The government has chosen to adopt a graded action plan, instead of a big bang one-off push to keep the lights on
The Rs 1.7 lakh crore relief package that finance minister Nirmala Sitharaman announced on March 26 clearly sets the government’s priorities about who needs to be protected the most from the devastating disruptions that the coronavirus pandemic and the nation-wide lockdown have caused.
The government has picked those living on the margins, those with limited savings and those with weak borrowing power as the first set of people for handholding. These are daily wage earners, construction workers, farmers and women with low income.
The lockdown’s effect is very similar to a mechanical hard stop on a device that was running. What happens when the government asks factories to shut down because people have to be confined at home? What happens when the government asks construction activity to stop overnight because areas with large gatherings have to be emptied out? What happens when restaurants and shops, other than those selling essentials, are ordered to shutter down because people’s physical proximity can add to the disease’s spread?
In such a situation, a restaurant, a retail garment seller, a property builder and a road builder will all show a similar first instinct: to cut costs. The temporary staff working at these establishments are often the first ones to find themselves out of work.
Frequently Asked Questions
A vaccine works by mimicking a natural infection. A vaccine not only induces immune response to protect people from any future COVID-19 infection, but also helps quickly build herd immunity to put an end to the pandemic. Herd immunity occurs when a sufficient percentage of a population becomes immune to a disease, making the spread of disease from person to person unlikely. The good news is that SARS-CoV-2 virus has been fairly stable, which increases the viability of a vaccine.
There are broadly four types of vaccine — one, a vaccine based on the whole virus (this could be either inactivated, or an attenuated [weakened] virus vaccine); two, a non-replicating viral vector vaccine that uses a benign virus as vector that carries the antigen of SARS-CoV; three, nucleic-acid vaccines that have genetic material like DNA and RNA of antigens like spike protein given to a person, helping human cells decode genetic material and produce the vaccine; and four, protein subunit vaccine wherein the recombinant proteins of SARS-COV-2 along with an adjuvant (booster) is given as a vaccine.
Vaccine development is a long, complex process. Unlike drugs that are given to people with a diseased, vaccines are given to healthy people and also vulnerable sections such as children, pregnant women and the elderly. So rigorous tests are compulsory. History says that the fastest time it took to develop a vaccine is five years, but it usually takes double or sometimes triple that time.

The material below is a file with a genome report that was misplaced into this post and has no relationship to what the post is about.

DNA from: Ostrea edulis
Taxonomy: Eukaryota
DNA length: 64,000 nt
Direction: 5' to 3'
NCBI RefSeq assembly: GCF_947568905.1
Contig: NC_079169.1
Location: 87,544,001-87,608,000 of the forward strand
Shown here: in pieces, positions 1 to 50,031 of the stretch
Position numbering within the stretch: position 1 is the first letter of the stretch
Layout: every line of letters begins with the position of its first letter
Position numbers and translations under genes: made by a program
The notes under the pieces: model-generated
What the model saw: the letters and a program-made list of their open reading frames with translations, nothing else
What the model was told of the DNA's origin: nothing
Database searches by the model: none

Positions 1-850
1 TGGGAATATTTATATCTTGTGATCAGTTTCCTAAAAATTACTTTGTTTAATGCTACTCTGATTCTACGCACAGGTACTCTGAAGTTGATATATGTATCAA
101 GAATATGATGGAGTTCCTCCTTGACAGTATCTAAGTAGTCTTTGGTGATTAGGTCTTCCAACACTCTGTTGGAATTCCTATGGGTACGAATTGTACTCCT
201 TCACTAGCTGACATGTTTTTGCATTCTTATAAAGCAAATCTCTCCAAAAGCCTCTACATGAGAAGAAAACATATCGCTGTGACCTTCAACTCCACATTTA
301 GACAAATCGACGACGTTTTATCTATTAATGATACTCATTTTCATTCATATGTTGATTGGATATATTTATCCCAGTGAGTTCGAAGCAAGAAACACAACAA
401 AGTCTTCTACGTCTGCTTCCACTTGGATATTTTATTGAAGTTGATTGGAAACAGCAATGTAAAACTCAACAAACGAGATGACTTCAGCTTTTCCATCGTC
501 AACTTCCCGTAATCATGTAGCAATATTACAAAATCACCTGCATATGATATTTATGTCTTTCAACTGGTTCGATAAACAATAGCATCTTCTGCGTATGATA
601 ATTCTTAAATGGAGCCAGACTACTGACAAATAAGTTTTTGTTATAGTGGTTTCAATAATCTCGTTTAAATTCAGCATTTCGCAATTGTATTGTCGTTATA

Many of these eke out a subsistence living, spending a very large proportion of their income on food, leaving very little to spend on other ‘non-essentials’ or aspirational products and services. They are a perfect exemplification of the Engel's Law, an economic theory German statistician Ernst Engel propounded in the 19th century, stating that the percentage spent on food purchases decreases as income rises and vice-versa.
With many of them suddenly jobless, their incomes have dramatically collapsed. The uncertainty over when economic activity is likely regain momentum has only deepened anxieties. This hard stop in the economy, unlike other recessions caused by systemic flaws such as the debt bubble of 2008, has been brought upon by the government because of a medical emergency. It is intentional and unavoidable.
Unlike previous occasions, when the meltdown was spread over a few quarters with signals flashing from various corners, the current interruption is more akin to switching of a light bulb. However, unlike a light bulb, an economy cannot be switched on again at the press of a button.
It is elegant to argue that production is plunging since workers are away from work. It is also neat to reason that once the medical crisis passes, production will resume and all jobs will be restored. In the real world though, switching on an economy is considerably more laboured and prolonged that switching it off.
That is perhaps the reason why the government has chosen to adopt a graded action plan, instead of a big bang one-off push to keep the lights on. The package that Sitharaman announced should be seen in this context. It is more of a ‘safeguard package’, dictated by the need to safeguard incomes of those who have seen the lockdown shave off a large proportion of their daily earnings.
The first step is to inspire confidence about the State-supported safety net among the most vulnerable. This is precisely what the government has sought to convey.One would reckon a few more packages are in the works, particularly for the micro, small and medium enterprises (MSMEs), traders who have been forced to close operations, and perhaps India’s vast consuming middle class that keeps the economy’s wheels moving rapidly. Large corporations, who are looking towards that one big stimulus, may have to wait a little longer.